The Color of Water

     The next time you are standing by a lake, pond or the ocean, ask yourself why it looks the way it does. What makes oceans and lakes look blue or green and sometimes black? Why do rivers most often appear brown? When you cup some of the water in your hand, it's colorless, but look at the body of water and it's a color. The most obvious answer is that it reflects the sky since you can see reflections of clouds also. But reflection is only part of the answer.

It is true that part of the light you see is a surface reflection of sky light. The amount of this sort of reflection, though, depends on a number of things such as your viewing angle. On the other hand, much of the color you see comes from the water's depths.

White sunlight contains all colors.. Water absorbs some of these colors more than others. But you need a lot of water to notice this effect - which is why water cupped in your hand has no color at all. In a large body of water though,  the water molecules quickly absorb red light, but they don't absorb blue light nearly
as well. So in this  case, more blue light is transmitted through the water. It's actually the same principle behind why the sky is blue.

The blue effect is often increased because  ocean and lake water usually contains floating particles of dirt, and dead and living plants and animals. They help reflect the blue light back upward - so that the lake or ocean looks blue. The blue-green of tropical waters is due entirely to absorption of red light rather then suspension of particles. It's a different blue than the blue of the oceans off the northeast coast, whose blue is caused by suspended particles and plants.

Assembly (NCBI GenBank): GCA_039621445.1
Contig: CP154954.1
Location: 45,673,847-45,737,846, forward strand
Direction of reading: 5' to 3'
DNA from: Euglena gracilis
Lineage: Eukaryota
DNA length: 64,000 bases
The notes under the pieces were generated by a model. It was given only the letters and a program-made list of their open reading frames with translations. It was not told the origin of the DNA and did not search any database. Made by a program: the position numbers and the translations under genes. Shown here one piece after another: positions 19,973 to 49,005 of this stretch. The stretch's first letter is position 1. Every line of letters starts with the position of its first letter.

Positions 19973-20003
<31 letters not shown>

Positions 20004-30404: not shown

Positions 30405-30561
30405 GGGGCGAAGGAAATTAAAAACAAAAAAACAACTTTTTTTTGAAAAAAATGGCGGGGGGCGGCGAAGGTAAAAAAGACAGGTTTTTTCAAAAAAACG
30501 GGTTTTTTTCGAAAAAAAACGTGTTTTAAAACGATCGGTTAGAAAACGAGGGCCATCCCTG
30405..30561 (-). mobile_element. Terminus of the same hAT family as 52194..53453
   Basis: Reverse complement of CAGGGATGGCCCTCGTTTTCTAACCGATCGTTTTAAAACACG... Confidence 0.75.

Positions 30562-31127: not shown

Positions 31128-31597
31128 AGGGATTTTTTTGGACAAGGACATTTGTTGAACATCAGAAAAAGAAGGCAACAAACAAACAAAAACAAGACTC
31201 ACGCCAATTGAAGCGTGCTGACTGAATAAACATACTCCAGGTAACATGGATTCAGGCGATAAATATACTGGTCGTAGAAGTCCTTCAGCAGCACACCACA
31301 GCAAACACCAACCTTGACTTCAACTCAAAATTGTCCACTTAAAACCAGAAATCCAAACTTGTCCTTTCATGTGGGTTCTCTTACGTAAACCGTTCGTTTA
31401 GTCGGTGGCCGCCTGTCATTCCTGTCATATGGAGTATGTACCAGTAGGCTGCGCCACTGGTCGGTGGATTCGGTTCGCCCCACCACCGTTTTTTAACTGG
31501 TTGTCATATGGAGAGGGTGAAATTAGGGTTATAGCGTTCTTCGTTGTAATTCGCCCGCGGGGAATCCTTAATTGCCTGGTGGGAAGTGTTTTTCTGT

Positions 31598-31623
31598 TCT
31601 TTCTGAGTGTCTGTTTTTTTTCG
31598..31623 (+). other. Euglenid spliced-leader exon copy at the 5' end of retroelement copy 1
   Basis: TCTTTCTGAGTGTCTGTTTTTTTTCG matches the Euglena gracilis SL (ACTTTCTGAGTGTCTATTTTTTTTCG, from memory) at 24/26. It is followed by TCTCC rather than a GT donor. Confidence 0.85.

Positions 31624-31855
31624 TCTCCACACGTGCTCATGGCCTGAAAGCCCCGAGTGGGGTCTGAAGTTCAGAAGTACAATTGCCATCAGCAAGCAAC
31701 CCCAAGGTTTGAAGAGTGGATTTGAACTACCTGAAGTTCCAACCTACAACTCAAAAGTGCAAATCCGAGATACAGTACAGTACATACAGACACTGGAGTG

So now we know why some bodies of water appear blue, but what about the other water colors, like gray, brown and black? Different colors can be produced by specific things suspended in the water. Mud acts in the opposite way from water -- it reflects red light more than blue. So muddy water looks brown. Since rivers are big transporters of mud, they usually appear brown. Peat dissolved in water absorbs almost all the light that touches it - so a lake full of peat may look black. The ocean often usually looks gray on a stormy day. Partly, that's reflected gray sky - but it's also because clouds filter out a lot of the sun's red light before it ever reaches the water.

 Colors of water can be pretty distinctive. The Black Sea is so named because of its color, a very dark almost black color. In this case, it's the almost constant fog over the Black Sea that absorbs incoming light and makes the sea appear black. It was enough to make the Turks and many other sailors want to avoid what they saw as an evil looking sea!

Copyright © 1999 Kathy Miles  and Charles F. Peters II